Industry News

Diet culture’s marketing tactics and the consequences of using meds for weight loss

February 26, 2024
Dallas News
Perpetuating the idea of an ideal weight can be harmful for those dealing with eating disorders.

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Last month, drugmaker Eli Lilly took a stand against using its two antidiabetic medications, Mounjaro and Zepbound, for cosmetic weight loss. In a public letter, the company emphatically said, in part, “Mounjaro and Zepbound are indicated for the treatment of serious diseases; they are not approved for — and should not be used for — cosmetic weight loss.”

For those of us who work with eating disorders, it’s no surprise that this needs to be stated. The surprise is they chose to speak up, given the increasing popularity of GLP-1 agonists, which are medications that help lower one’s blood sugar level and promote weight loss.

The latest diet and exercise fads clog our social media feeds, fueling the perpetual idea that losing weight is the ideal. And just when we think we’ve navigated our way through some of the noise, new destructive trends find their way into our “For You” pages or viral diets.

A 2023 report found that TikTok pushes harmful eating disorders and self-harm content to teens every 39 seconds. The Center for Countering Digital Hate’s report says that harmful content includes information about eating disorders, self-harm, and sexual assault. It is not uncommon to find GLP-1 agonists among these “trends” promising happiness, health and self-acceptance on the other side of a prescription.

As someone who treats and cares for individuals with eating disorders, I have serious concerns about the way this messaging affects vulnerable populations. The advertisements for GLP-1 agonists are hidden in glossy social media photos and videos of people achieving seemingly effortless weight loss. This is dangerous territory for social media users who are suffering from or at risk of developing eating disorders or disordered eating. The reality is bodies of all sizes and shapes can be healthy. The idea that you must change your body to achieve health or happiness is an insidious and harmful idea that continues to make billions for drugmakers and diet companies worldwide.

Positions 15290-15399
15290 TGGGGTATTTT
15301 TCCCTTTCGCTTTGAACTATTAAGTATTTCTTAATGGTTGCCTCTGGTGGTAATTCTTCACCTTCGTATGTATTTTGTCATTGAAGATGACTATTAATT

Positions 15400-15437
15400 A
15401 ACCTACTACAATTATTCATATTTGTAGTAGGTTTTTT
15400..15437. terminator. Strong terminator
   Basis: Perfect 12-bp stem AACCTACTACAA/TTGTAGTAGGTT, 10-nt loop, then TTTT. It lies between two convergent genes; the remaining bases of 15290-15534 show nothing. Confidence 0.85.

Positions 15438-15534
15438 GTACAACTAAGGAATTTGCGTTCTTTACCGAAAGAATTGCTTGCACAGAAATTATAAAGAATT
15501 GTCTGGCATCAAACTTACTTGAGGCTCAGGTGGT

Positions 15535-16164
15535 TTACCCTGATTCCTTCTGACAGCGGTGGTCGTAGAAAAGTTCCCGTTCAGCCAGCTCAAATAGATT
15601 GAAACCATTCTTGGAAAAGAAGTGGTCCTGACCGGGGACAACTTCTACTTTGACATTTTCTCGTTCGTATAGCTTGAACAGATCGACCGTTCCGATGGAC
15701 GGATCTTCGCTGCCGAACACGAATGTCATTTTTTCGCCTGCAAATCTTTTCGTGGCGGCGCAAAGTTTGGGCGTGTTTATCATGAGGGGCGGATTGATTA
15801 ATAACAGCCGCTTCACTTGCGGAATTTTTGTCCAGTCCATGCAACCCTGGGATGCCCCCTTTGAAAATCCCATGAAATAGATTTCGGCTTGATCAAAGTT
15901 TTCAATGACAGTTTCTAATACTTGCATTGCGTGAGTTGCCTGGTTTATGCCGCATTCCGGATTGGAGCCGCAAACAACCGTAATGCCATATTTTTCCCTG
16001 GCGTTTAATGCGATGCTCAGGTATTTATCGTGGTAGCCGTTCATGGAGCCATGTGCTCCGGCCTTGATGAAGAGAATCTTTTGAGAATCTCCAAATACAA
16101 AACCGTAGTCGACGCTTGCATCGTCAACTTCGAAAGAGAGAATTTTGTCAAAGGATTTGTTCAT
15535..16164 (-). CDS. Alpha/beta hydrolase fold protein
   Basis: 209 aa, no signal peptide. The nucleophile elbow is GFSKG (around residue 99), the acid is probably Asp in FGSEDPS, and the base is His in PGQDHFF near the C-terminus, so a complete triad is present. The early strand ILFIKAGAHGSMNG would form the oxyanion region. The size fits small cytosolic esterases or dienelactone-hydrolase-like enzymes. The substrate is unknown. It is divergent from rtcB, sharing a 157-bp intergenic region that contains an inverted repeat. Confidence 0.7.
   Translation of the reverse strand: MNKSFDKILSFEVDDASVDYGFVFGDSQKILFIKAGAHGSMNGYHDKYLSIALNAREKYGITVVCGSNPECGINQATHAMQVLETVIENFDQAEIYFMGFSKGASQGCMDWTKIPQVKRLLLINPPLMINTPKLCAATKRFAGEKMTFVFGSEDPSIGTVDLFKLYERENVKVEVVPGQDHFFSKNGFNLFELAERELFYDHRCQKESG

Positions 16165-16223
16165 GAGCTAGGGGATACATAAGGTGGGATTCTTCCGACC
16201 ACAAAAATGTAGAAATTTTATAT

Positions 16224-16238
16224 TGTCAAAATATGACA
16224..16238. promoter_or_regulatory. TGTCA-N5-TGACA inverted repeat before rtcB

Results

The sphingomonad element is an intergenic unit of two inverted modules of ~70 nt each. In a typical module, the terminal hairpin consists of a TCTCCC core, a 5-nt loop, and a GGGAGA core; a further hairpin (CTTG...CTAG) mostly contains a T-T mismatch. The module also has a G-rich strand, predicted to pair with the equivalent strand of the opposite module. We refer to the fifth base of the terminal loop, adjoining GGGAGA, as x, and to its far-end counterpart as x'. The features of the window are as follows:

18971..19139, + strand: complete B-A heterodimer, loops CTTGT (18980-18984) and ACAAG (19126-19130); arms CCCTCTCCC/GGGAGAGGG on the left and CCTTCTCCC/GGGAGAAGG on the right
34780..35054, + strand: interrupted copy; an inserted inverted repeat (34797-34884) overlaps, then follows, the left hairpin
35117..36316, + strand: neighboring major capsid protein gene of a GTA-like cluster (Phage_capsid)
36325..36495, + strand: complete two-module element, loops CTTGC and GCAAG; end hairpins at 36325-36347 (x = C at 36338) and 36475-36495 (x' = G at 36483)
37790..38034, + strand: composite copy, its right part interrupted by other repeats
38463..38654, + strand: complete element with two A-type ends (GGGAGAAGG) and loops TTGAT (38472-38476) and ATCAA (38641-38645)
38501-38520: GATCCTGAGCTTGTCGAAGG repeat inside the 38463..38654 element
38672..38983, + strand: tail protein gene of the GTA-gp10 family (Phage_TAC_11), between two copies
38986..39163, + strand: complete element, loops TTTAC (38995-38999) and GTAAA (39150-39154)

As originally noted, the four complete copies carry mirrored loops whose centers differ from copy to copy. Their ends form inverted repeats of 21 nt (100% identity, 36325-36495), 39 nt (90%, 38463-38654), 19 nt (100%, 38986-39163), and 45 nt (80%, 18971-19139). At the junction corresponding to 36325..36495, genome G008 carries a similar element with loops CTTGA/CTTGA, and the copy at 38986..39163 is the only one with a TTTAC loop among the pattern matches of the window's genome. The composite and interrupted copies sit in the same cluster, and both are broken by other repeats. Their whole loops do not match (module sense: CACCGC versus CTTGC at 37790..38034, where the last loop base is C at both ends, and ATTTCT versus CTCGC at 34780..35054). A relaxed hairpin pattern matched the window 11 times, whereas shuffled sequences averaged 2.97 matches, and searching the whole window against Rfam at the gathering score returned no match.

GLP-1 receptor agonists, at their core, are medications developed for the treatment of Type 2 diabetes. Many people are prescribed these medications for legitimate medical concerns and can benefit from these medications. Despite messages from manufacturers and escalating concerns, there are some who are prescribing GLP-1 agonists for cosmetic weight loss, the Associated Press reported.

Some offer prescriptions for these medications with seemingly minimal medical oversight of the risk or long-term consequences. They do not see the fallout of prescribing to vulnerable individuals or the risk to patients who are harmed by diet culture, weight stigma and unrealistic body ideals that may impact the development of severe eating disorders.

I am especially concerned when these medications are being prescribed for adolescent patients. Many who prescribe these medications have minimal awareness of the long-term implications of dieting and malnutrition on the adolescent brain. GLP-1 agonists decrease food intake and can create a state of malnutrition. Adolescent brains are extremely vulnerable to nutritional deprivation and malnutrition, and the use of these medications could trigger disordered eating.

The biggest unknown factor, especially with adolescents, is how long-term use of these medications will truly affect their bodies. In our treatment centers, we see the effects of social media and ads like these on adolescents. Negative social media messages coupled with easy online access strongly influence adolescents to seek out these medications. And while access to these drugs is restricted by prescription, there is mounting concern about their increased availability online.

We have already begun to see the impact on the eating-disorders community, as more patients are experiencing a relapse to disordered eating after using these medications. I suspect this trend will continue as these medications are prescribed for weight loss. Those of us in the eating-disorders field are concerned and actively monitoring this situation as it unfolds.

Each year, approximately 10,200 people die as a direct result of an eating disorder. That’s one person every 52 minutes. We know eating disorders are complex neurobiological diseases and, as a field, we want prevention and treatment options so that no one needs to live with or die from an eating disorder. We challenge our diet culture that idealizes thinness above health, happiness and above wholeness, and the use of GLP-1 agonists as a part of diet culture.

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